Starting with issue #4 we carry the British film magazine SOFILM
Viggo Mortensen, lost in the Pampas. He’s known as a mercurial, world famous actor who also moonlights as a photographer, poet and musician. Now Viggo Mortensen has invited us to meet him in the Argentine wilderness, where he’s spending three weeks filming surrounded by the wind, the cold, and serious amounts of hard liquor. Take a trip with a man who loves to "leap into the great unknown".
Arun Chaudhary, Obama's filmmaker. For 4 years, Arun Chaudhary filmed the same person for a few hours each day. And it wasn't just anyone: it was President Barack Obama. Being the first official cameraman at the White House, the filmmaker was faced with a challenge, to film for the sake of History. Sofilm meets Chaudhary in a narrow office on the 10th floor of a Washington Skyscraper to relive the experience of being the President’s personal cameraman…
Julie Delpy. Working with the likes of Jean-Luc Godard and Leos Carax in her native France before coming to America, Julie Delpy was one of the first French actresses to successfully move to Hollywood. Arriving in LA in the 90s, she acted for Richard Linklater, and directed some bizarre comedies – the diptych 2 Days in Paris and 2 Days in New York – and has continued to be an important voice in independent cinema.
Paul Verhoeven. Arriving in Hollywood in the late 80s, and embarking on a string of iconic films including Robocop, Total Recall, Basic Instinct, Showgirls, and Starship Troopers, Dutch director Paul Verhoeven can lay claim to some of the most subversive ‘mainstream’ films of the past 25 years. What has happened to one of Hollywood’s darkest European imports? Werner Herzog. Having recently brought 3D to a pre-historic grotto in Cave of Forgotten Dreams, and moved into the dark cavern that is the US justice system for the gripping death row movie Into the Abyss, Werner Herzog is enjoying some time to reflect, as well as helping to create the next generation of madman directors with his Rogue Film School. Here is an interview with the greatest living German filmmaker.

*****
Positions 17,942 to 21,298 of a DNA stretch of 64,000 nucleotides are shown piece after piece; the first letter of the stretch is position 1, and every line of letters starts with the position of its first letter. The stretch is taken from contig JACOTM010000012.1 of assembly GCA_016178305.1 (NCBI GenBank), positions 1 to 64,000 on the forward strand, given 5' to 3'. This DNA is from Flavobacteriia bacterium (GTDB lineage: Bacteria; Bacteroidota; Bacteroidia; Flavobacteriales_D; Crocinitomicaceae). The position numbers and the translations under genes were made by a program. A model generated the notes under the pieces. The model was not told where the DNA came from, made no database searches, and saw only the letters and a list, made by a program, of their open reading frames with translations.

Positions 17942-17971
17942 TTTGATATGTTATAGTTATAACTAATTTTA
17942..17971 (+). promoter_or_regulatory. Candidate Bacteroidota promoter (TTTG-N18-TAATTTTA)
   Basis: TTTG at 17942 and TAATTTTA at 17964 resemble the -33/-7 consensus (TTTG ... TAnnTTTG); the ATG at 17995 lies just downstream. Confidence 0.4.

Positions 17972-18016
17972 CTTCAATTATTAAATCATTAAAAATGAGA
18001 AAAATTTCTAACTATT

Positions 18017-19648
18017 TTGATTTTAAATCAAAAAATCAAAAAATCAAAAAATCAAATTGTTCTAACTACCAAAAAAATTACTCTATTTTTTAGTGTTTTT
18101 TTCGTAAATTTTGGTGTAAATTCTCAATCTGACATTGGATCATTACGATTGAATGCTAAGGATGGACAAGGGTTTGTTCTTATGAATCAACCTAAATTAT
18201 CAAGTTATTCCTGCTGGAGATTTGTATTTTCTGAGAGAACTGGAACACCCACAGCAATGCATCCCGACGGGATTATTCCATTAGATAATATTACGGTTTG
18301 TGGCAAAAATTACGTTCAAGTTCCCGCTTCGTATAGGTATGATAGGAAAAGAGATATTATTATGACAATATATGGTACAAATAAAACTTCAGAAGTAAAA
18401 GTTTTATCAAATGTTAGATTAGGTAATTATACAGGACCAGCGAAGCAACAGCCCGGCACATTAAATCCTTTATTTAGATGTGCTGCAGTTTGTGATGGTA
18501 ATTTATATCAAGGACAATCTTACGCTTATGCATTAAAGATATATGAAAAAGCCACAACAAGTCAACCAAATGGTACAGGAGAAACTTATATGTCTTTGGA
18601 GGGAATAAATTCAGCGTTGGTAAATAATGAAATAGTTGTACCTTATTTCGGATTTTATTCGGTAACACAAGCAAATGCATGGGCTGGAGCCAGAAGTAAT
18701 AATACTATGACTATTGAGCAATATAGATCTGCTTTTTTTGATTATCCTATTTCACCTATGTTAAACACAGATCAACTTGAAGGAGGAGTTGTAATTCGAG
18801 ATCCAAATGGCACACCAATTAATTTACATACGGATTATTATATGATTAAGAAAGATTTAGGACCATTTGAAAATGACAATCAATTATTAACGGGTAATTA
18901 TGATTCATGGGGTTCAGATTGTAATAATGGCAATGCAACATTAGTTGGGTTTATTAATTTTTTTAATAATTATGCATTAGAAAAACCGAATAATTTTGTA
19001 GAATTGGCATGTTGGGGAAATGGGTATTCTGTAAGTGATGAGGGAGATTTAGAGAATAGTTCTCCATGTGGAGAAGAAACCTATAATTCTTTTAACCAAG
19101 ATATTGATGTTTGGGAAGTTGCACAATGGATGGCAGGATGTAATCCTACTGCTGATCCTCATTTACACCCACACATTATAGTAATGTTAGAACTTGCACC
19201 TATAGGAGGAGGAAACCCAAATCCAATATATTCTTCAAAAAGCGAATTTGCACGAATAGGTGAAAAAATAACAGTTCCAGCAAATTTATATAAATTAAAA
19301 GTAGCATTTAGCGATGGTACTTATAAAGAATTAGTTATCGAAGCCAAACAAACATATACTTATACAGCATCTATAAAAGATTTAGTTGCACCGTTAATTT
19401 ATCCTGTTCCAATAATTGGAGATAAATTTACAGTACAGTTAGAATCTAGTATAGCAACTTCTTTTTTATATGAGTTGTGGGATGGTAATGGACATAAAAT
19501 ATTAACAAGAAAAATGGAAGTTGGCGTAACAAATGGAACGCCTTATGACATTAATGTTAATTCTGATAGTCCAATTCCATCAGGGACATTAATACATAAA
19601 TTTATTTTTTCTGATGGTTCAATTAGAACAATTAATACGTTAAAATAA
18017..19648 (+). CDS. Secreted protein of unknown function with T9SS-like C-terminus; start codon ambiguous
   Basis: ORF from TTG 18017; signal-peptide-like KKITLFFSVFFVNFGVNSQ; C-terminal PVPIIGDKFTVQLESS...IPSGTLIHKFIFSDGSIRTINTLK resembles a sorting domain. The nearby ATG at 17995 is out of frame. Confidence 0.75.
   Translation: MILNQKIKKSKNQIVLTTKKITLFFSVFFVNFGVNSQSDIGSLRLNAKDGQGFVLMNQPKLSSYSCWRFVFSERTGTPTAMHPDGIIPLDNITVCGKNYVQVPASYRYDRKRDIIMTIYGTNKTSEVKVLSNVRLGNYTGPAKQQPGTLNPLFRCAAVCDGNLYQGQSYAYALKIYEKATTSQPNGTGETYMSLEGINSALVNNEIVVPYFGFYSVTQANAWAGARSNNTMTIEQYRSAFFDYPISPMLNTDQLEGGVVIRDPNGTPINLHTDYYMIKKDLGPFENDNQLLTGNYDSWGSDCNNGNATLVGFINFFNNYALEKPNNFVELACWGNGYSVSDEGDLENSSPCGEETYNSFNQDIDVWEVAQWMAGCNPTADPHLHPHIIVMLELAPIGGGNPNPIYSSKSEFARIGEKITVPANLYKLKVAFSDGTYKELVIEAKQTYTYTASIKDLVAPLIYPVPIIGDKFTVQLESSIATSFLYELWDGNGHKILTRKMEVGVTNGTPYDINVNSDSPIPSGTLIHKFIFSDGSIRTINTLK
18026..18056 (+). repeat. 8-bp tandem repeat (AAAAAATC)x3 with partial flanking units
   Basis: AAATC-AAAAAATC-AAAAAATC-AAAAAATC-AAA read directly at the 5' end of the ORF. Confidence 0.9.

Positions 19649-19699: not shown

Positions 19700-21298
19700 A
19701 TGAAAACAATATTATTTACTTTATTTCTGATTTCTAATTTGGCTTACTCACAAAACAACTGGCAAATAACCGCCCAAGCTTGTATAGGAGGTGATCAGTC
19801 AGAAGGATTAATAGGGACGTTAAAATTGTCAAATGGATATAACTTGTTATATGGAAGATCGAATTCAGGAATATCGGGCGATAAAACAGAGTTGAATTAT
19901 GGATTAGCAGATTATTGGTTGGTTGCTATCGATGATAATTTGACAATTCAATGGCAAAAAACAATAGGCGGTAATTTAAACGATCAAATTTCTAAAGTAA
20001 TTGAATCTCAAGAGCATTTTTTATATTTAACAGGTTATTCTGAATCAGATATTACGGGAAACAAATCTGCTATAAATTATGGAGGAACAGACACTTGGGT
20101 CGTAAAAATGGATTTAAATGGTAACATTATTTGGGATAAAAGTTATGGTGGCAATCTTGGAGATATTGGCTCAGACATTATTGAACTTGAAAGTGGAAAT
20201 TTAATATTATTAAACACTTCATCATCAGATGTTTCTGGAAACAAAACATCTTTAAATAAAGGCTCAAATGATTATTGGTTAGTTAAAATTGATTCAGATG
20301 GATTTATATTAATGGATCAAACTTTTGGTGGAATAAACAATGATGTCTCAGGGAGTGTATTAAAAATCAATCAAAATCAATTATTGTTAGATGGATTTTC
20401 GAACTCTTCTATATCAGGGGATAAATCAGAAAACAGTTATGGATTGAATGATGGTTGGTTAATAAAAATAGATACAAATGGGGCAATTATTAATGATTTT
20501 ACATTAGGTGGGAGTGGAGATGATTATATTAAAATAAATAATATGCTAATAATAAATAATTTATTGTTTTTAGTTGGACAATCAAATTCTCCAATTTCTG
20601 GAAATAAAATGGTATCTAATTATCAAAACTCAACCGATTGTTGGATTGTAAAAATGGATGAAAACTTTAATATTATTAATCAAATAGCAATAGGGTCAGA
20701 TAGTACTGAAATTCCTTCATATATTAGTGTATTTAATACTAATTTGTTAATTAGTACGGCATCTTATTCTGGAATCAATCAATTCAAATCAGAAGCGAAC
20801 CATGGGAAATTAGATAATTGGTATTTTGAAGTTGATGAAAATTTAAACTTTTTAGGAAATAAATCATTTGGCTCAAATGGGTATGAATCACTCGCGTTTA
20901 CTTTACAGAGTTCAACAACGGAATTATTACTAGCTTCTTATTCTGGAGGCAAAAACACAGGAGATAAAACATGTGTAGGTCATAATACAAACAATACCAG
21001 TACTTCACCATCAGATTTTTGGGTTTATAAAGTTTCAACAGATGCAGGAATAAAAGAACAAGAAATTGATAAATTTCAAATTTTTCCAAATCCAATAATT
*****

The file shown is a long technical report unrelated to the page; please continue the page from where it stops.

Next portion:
Nikita Mikhalkov. Winner of an Oscar, the Golden Lion at the Venice Film Festival and the Cannes Grand Prix, he possesses an aura that goes far beyond the word of cinema. The most powerful player in Russian cinema, he’s also an enormously influential man in his home country, the kind of strong man the Russians love, with the requisite involvement in sleazy business deals.
Chuck Zito. Stunt-actor in Hollywood, Hells Angel in New York, convict, celebrity bodyguard... and actor in the juggernaut US TV shows Oz and Sons of Anarchy... Here comes Chuck Zito, all biker boots and black leather, to bring America's history and legends to life.
The second magazine new to the store is:
As the name already suggests this magazine comes from a different and less commercial angle. And apparently feels akin with the Northern moviescene. Many thanks to the Swedes who gave us this great looking publication. In the magazine you will find a interesting mix between still photography and art photography. Short interviews/portraits of actors and dreamlike explorations about the essence of film.
The features promise to be original conversations with industry and non-industry alike, plus portraits and scenarios one might not see otherwise. The magazine will be published irregularly which point at the intention to produce quality rather then quantity.
The debut edition features stories on: Anders Danielsen Lie, Harmony Korine, Hunter Carson, Julia Faure, M. Blash, Nathalia Acevedo, Nèstor Almendros, Ryo Kase, Lutz Huelle, Linus Bill, Adrien Horni, So Yong Kim, Bradley Rust Gray, Marques ‘ Almeida ans Sarah Hagan. The impressive list of interesting contributors consists of: Martien Mulder, Bettina Sorg, Jonas Mekas, Nicholas Haggard, Anders Edström, Ola Rindal, Henry Roy, Adam Saletti, Hanayo Nakajima, Jason Lee Rhyno, Takashi Homma, Junsuke Yamasaki, Linus Bill, Adrien Horni, Osamu Yokonami, Todd Jordan, Sanna Helena Berger, Torbjørn Rødland and Simon Mercer.